It is also worth noting that although much of the flight deposit funds are going into German banks, under the ECB rules Germany’s loss exposure is limited to its 28% participation in the ECB. Were Germany to exit the euro, it would abrogate the Treaty. Its banking system, including the Bundesbank, might be exposed to almost all of such losses rather than the mere 28% under the current euro system.  Which led to a very interesting comment by an Italian reader of Wray’s blog:

My life savings still reside in several Italian banks, partly due to a sliver of optimism but mainly because I fear that if / when the sh*t really hits the fan, and a large share of Greeks, Italians and Spaniards have already transferred their savings to German banks, that Germany will pass a law expropriating funds received from the periphery in order to help pay for the unfathomable costs of the end of the Euro.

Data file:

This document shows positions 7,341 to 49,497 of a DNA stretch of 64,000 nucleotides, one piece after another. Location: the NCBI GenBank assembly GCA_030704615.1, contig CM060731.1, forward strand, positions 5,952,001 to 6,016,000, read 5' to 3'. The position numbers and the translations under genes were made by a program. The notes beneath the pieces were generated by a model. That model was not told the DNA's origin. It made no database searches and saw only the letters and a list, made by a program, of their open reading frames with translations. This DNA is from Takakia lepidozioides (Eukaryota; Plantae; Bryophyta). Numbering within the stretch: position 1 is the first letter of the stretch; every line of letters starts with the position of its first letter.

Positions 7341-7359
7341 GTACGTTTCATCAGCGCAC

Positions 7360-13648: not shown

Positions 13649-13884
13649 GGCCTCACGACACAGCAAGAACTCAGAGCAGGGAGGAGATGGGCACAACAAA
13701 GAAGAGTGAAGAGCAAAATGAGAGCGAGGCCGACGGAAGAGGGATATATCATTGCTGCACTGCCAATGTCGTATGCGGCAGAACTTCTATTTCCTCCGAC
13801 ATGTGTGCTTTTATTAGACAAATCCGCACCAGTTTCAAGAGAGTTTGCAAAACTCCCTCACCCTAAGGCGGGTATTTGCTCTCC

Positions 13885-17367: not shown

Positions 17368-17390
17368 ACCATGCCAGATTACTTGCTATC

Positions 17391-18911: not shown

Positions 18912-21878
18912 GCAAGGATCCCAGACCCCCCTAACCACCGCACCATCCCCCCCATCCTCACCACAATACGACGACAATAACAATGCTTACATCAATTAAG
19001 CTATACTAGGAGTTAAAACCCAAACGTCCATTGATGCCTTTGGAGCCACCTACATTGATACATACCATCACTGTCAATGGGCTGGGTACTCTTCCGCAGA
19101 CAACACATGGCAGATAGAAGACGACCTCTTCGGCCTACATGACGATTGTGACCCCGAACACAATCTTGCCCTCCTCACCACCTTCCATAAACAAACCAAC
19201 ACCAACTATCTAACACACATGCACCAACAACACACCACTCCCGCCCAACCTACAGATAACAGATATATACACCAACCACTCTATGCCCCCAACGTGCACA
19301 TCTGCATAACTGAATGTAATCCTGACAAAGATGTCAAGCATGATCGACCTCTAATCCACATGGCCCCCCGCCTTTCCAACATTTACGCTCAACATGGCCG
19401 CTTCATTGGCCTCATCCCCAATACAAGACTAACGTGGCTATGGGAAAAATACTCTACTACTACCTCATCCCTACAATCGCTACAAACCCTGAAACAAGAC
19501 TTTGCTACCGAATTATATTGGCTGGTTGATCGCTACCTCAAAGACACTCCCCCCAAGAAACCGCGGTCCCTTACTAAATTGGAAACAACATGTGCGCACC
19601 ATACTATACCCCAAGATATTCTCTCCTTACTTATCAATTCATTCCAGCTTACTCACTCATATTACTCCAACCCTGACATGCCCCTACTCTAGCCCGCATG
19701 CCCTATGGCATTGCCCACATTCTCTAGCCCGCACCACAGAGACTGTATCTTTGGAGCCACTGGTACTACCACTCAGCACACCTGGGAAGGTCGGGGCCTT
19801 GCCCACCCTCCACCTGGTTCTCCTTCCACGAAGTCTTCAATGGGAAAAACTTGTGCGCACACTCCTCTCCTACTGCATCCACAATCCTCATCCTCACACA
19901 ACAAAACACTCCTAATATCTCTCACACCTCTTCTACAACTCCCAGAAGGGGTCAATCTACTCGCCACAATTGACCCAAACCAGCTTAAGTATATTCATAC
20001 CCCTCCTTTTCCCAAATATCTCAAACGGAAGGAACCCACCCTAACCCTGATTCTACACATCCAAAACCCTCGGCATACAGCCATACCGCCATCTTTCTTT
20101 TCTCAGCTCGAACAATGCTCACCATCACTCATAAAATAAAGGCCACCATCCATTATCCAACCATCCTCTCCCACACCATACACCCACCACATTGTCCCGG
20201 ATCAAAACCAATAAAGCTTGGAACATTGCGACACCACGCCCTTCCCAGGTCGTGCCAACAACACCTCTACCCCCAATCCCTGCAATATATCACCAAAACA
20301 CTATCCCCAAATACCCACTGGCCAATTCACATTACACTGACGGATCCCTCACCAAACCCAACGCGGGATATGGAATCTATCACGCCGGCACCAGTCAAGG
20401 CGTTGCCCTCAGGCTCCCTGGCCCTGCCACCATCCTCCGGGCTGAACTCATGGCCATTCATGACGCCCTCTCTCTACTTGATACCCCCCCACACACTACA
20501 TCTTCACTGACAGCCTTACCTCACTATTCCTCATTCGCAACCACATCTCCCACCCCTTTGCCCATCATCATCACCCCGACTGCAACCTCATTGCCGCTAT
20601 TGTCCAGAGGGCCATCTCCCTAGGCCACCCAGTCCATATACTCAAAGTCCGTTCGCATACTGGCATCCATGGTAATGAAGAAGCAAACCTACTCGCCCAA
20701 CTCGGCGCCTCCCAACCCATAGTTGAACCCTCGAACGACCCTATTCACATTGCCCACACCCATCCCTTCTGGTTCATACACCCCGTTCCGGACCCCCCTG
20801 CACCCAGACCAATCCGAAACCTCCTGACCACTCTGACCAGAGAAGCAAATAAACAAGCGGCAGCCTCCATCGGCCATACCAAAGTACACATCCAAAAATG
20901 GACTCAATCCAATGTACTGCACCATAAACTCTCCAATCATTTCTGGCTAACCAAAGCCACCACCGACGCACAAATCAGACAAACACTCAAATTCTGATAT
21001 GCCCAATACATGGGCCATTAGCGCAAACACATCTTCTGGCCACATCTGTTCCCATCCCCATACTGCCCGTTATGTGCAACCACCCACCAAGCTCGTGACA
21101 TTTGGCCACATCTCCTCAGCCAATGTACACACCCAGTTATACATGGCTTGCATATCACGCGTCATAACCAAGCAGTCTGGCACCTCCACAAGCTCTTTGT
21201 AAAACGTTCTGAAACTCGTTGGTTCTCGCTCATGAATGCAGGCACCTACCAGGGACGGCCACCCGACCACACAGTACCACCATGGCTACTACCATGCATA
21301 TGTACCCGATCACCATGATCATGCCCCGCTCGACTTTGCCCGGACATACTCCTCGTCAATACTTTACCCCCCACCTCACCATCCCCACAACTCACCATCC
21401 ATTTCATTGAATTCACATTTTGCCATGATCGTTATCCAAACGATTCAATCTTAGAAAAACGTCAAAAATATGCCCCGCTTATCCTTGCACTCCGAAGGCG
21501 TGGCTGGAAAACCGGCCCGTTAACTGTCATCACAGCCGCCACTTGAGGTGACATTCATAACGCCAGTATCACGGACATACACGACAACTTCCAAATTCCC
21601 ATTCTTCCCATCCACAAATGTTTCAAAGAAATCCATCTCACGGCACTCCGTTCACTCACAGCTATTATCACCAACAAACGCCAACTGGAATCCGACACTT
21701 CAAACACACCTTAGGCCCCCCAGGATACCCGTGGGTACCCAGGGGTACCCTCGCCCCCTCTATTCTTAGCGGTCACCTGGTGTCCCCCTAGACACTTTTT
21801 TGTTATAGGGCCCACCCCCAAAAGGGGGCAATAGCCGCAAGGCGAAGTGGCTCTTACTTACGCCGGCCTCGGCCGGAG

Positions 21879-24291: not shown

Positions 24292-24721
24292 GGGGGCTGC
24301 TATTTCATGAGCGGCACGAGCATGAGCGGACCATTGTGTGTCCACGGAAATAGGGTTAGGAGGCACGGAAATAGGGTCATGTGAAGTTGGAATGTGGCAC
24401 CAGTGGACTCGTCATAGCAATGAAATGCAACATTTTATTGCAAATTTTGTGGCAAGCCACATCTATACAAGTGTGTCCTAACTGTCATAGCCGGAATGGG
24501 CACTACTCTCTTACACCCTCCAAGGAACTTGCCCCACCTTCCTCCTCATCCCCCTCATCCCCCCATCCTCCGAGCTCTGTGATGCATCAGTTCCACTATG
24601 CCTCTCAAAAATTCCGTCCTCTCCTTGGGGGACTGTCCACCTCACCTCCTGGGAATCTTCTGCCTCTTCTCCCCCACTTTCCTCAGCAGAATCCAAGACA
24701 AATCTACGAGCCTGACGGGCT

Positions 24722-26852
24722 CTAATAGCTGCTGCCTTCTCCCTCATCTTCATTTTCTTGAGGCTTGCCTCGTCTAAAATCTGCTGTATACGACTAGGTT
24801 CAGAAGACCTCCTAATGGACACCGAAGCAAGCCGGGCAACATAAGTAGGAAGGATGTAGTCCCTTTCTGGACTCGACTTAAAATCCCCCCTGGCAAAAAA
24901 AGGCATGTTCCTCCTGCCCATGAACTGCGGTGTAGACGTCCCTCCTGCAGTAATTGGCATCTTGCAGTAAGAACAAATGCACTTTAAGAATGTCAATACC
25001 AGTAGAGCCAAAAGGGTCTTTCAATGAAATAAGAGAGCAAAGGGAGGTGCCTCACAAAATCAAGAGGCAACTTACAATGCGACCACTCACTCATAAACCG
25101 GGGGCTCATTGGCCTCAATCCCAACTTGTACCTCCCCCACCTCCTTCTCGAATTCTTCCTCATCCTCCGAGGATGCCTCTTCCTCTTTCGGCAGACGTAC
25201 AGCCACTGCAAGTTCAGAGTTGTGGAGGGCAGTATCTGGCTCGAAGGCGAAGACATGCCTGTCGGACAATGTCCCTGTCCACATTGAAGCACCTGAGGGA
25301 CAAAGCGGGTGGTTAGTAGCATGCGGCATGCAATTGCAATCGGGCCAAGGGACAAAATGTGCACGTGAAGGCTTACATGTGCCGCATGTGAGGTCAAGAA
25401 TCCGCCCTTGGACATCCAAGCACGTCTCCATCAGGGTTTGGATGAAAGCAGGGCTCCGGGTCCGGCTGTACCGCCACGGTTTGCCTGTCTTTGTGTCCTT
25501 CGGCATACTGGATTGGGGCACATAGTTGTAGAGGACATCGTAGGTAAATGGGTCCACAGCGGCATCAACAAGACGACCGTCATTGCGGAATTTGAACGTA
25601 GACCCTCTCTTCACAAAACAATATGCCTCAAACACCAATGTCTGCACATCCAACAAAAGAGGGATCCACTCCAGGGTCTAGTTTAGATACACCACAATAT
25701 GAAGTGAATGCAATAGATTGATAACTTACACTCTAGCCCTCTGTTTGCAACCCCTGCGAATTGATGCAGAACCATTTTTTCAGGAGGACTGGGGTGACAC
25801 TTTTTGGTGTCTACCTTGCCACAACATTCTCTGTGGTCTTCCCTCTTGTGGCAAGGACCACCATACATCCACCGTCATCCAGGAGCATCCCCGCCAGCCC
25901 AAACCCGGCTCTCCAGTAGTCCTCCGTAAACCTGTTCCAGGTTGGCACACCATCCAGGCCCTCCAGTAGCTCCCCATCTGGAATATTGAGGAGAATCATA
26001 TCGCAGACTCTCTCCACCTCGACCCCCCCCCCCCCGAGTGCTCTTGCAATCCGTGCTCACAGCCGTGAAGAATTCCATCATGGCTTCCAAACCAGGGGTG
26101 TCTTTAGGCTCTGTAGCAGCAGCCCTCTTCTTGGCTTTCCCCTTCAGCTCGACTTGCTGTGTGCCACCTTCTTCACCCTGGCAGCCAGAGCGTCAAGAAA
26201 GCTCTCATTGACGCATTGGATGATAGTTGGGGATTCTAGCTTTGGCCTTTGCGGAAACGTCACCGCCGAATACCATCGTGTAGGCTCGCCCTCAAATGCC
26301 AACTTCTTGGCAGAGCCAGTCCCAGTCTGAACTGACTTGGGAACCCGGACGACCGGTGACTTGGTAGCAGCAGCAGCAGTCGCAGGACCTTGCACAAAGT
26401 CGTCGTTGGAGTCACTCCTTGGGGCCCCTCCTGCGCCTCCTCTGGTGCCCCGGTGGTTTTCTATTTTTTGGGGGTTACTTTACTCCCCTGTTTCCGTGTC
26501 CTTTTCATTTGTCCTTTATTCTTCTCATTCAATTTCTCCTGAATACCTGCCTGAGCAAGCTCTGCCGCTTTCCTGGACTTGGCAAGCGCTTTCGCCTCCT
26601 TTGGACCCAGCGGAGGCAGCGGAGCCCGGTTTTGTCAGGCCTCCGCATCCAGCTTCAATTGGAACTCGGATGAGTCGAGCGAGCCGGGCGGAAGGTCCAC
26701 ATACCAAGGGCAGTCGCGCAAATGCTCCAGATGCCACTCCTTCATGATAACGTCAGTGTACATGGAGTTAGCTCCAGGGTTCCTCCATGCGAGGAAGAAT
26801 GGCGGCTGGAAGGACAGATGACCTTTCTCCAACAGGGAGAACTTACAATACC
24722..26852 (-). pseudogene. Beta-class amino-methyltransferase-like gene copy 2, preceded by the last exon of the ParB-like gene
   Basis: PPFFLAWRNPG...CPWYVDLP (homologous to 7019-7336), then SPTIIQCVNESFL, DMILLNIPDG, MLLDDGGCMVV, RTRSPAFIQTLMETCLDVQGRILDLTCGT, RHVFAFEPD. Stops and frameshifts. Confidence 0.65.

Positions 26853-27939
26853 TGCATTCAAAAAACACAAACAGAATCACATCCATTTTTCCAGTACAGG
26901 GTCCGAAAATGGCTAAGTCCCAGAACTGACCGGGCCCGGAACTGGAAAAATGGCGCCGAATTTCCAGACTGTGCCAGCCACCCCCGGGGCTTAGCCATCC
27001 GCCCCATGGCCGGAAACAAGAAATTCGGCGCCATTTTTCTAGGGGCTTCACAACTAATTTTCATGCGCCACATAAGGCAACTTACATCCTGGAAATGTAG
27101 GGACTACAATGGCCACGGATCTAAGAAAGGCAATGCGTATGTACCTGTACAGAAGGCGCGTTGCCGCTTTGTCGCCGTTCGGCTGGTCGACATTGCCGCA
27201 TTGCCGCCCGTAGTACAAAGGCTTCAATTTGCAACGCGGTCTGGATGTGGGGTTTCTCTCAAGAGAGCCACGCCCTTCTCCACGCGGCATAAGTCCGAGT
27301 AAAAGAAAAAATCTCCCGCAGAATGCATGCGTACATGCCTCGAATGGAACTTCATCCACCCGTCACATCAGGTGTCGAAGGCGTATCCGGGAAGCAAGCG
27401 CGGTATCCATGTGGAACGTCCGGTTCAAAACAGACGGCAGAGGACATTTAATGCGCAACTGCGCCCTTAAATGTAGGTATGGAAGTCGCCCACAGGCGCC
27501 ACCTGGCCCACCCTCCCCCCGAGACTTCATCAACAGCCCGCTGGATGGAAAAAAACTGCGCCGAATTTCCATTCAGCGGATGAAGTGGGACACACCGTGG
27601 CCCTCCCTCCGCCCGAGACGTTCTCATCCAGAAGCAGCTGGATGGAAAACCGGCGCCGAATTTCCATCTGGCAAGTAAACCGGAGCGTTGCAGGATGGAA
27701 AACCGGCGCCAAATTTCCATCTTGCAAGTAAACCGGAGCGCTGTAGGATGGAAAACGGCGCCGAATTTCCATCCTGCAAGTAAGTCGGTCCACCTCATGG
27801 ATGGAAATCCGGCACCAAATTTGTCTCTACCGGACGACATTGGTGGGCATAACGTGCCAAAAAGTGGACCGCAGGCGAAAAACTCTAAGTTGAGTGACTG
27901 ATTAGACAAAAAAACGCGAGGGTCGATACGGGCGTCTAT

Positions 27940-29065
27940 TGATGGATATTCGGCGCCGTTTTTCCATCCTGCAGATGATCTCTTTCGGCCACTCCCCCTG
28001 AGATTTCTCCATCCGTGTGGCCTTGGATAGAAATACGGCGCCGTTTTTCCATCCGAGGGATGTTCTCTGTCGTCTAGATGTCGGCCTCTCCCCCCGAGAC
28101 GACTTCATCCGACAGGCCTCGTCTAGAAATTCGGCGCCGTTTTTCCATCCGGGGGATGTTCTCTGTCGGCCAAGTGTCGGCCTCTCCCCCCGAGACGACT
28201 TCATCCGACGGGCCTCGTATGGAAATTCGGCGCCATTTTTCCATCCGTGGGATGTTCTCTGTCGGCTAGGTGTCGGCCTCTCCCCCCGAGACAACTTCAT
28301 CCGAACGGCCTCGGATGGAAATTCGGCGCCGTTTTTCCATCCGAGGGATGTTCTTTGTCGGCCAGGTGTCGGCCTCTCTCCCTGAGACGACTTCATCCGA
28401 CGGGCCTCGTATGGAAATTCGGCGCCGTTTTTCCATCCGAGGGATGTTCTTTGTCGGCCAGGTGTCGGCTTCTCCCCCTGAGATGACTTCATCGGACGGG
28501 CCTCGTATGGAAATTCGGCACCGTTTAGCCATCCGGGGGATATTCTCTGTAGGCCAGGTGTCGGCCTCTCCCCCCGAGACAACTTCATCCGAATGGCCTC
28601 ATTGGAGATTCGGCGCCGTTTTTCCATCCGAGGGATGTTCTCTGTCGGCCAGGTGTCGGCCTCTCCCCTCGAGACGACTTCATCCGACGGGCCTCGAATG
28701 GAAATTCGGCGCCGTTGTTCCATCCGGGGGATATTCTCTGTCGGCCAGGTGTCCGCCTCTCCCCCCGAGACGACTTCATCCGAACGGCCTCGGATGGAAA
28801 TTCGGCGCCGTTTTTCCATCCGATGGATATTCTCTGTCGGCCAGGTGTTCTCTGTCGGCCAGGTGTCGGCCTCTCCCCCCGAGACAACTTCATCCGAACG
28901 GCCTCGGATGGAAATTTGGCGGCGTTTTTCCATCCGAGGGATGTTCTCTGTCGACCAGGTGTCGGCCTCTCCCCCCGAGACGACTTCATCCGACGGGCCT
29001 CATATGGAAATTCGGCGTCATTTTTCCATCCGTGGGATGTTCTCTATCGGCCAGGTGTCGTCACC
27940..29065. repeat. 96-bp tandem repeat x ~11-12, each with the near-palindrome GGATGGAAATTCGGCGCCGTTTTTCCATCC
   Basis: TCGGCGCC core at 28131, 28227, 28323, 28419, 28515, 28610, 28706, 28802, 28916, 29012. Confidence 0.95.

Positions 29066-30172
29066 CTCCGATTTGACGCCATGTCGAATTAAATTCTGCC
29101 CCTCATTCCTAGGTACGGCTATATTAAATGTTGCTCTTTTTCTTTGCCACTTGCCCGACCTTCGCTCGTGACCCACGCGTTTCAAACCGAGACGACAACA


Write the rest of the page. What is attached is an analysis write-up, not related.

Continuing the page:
Now wouldn’t that be even more foolish that keeping everything in Italy?”

A scary thought and perhaps unfathomable.  But so much of what has already happened in the Eurozone crisis would have seemed unthinkable just a few months before.  And the Italian commentator here poses a legitimate question.   The answer to him is, “Yes, leaving money in an Italian bank is one possible response to a threatened expropriation by Germany of funds leaving the periphery in order to pay their counterparty claims as creditor.  But the other possibility is to take your money out of the Eurozone altogether.”